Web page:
Don’t write off Ontario’s version of London just yet. Peel back the layers to find a lively city with no shortage of things to see, do, eat and drink.
- By Jessica Huras -
- Population: 352,000
- Birthplace of Justin Bieber
- Also known for: the London Fringe Theatre Festival
It's tempting to dismiss the food scene in a city like London, Ont. A cursory Google search of local restaurants brings up page after page of stuffy, outdated fine-dining establishments or cheap, low-quality eats aimed squarely at the city’s sizeable student population. Dig a little deeper, however, and you’ll discover a city that’s increasingly recognizing the value of its surrounding farmlands and the potential to convert old industrial buildings into cool independent breweries.
Where to stay
Downtown is, of course, the most convenient base for eating and drinking your way through the Forest City, and Hotel Metro’s prime location near Covent Garden Market is tough to beat. Better still, the hotel’s stylish rooms could easily go toe-to-toe with those you’ll find at a boutique property in Toronto or any other large city. Gray colour palettes and 10-foot-high ceilings – along with brick and wood accents – give the rooms a tasteful, contemporary, industrial feel. Rooms also feature sleek bathrooms with rain showers and separate soaker tubs, plus thoughtful extras like Aveda bath products.
Where to eat
Founded in 1845, Covent Garden Market is one of London’s most enduring cultural hubs. The modern incarnation of the market is a spic and span building filled with neat rows of vendors selling flowers, fresh produce, baked goods and handicrafts. The market is producer-based, with its vendors growing, raising, baking or otherwise making everything they sell. From May to December, stalls spill out onto the building’s sprawling front patio for an expanded outdoor market.
The Root Cellar’s setting in an Old East Village heritage building is a fitting match for its menu of organic, farm-to-table fare. A map on one wall pinpoints where the restaurant’s ingredients come from, with most sourced within 150 kilometres. The seasonal menu is hip yet approachable, featuring inventive vegan and vegetarian options as well as crowd-pleasers like burgers and pasta. The brews on tap come from London Brewing Co-operative, an affiliated microbrewery with a shared focus on local ingredients. Their approach to brewing is epitomized by their signature Local 117 brew, which is made only with ingredients sourced from within an 117-kilometre radius.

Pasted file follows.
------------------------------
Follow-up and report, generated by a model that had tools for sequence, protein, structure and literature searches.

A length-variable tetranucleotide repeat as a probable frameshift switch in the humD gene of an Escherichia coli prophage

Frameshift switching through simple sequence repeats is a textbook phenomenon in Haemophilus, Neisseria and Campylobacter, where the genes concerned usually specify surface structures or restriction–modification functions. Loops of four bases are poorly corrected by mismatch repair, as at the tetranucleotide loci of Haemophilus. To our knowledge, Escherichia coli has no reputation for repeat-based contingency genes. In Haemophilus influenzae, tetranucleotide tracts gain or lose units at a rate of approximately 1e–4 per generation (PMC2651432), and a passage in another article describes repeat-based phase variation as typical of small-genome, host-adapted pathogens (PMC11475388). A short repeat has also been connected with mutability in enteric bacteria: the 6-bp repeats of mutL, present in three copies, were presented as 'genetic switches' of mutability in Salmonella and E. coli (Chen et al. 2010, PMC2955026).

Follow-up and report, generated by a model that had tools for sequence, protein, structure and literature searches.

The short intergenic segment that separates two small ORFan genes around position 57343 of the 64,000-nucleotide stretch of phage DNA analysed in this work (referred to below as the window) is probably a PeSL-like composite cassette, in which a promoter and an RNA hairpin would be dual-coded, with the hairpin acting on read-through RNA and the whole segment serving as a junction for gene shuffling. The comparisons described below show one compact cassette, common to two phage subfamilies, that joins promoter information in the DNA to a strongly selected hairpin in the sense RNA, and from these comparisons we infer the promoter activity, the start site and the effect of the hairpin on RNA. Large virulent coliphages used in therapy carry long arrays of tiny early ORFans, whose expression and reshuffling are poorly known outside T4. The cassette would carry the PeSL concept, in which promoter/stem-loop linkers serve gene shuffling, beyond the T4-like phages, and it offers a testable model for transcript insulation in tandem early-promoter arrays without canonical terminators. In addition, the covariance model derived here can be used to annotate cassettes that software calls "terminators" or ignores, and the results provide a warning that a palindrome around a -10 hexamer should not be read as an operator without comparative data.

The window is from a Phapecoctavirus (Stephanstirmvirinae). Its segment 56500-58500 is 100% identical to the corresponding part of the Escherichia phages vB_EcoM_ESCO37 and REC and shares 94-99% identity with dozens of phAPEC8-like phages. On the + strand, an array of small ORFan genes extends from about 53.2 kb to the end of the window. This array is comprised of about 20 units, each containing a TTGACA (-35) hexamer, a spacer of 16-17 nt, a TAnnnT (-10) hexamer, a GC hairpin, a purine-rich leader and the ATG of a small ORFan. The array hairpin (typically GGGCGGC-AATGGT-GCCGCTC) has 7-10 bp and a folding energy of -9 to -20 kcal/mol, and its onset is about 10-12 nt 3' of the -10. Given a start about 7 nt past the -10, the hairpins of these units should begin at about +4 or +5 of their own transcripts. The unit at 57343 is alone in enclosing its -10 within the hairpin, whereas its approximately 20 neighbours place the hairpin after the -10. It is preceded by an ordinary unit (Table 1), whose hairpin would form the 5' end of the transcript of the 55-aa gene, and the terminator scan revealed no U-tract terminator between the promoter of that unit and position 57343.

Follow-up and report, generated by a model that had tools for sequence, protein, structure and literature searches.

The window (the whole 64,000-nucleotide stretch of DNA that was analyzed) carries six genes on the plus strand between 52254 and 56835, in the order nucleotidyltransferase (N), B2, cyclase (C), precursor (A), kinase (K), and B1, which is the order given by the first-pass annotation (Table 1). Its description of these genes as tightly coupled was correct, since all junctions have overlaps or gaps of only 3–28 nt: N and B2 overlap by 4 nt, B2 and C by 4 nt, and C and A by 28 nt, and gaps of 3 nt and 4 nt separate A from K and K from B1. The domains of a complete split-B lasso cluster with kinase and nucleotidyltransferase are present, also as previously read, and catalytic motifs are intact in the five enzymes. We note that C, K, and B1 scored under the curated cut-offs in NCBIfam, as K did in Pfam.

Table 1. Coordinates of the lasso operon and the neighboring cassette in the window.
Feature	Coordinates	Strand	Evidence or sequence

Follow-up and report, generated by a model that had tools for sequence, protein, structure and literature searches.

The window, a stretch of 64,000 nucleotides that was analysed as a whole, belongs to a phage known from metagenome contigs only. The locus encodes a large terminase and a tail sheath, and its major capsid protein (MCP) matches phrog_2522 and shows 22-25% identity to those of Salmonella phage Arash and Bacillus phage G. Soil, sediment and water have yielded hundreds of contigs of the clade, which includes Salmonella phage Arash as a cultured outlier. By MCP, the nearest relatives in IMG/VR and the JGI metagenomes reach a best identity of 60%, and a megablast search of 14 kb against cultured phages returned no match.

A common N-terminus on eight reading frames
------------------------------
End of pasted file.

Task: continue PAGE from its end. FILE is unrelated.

Where to drink
Forked River Brewing Company was London’s only craft brewery when it opened in 2013, paving the way for the other microbreweries that have since popped up across the city. It’s also one of the few London-based brewers that’s distributed in Toronto, on tap at bars like Get Well and The Wren, and it’s stocked at many LCBOs. Their core beers are the easy-drinking Capital Blonde Ale and the Riptide Rye, a hop-forward pale ale. Forked River also produces seasonal brews and, more recently, it introduced Alpha Test, the first in a new series of experimental IPAs.
With multiple locations, Fire Roasted is one of London’s most popular indie cafés. The company roasts over 35 types of coffee, including 20 single origin beans. Owner David Cook is a vocal proponent of London’s small businesses: he also manages the Farmers’ and Artisans’ Market at Western Fair, where local vendors set up every Saturday.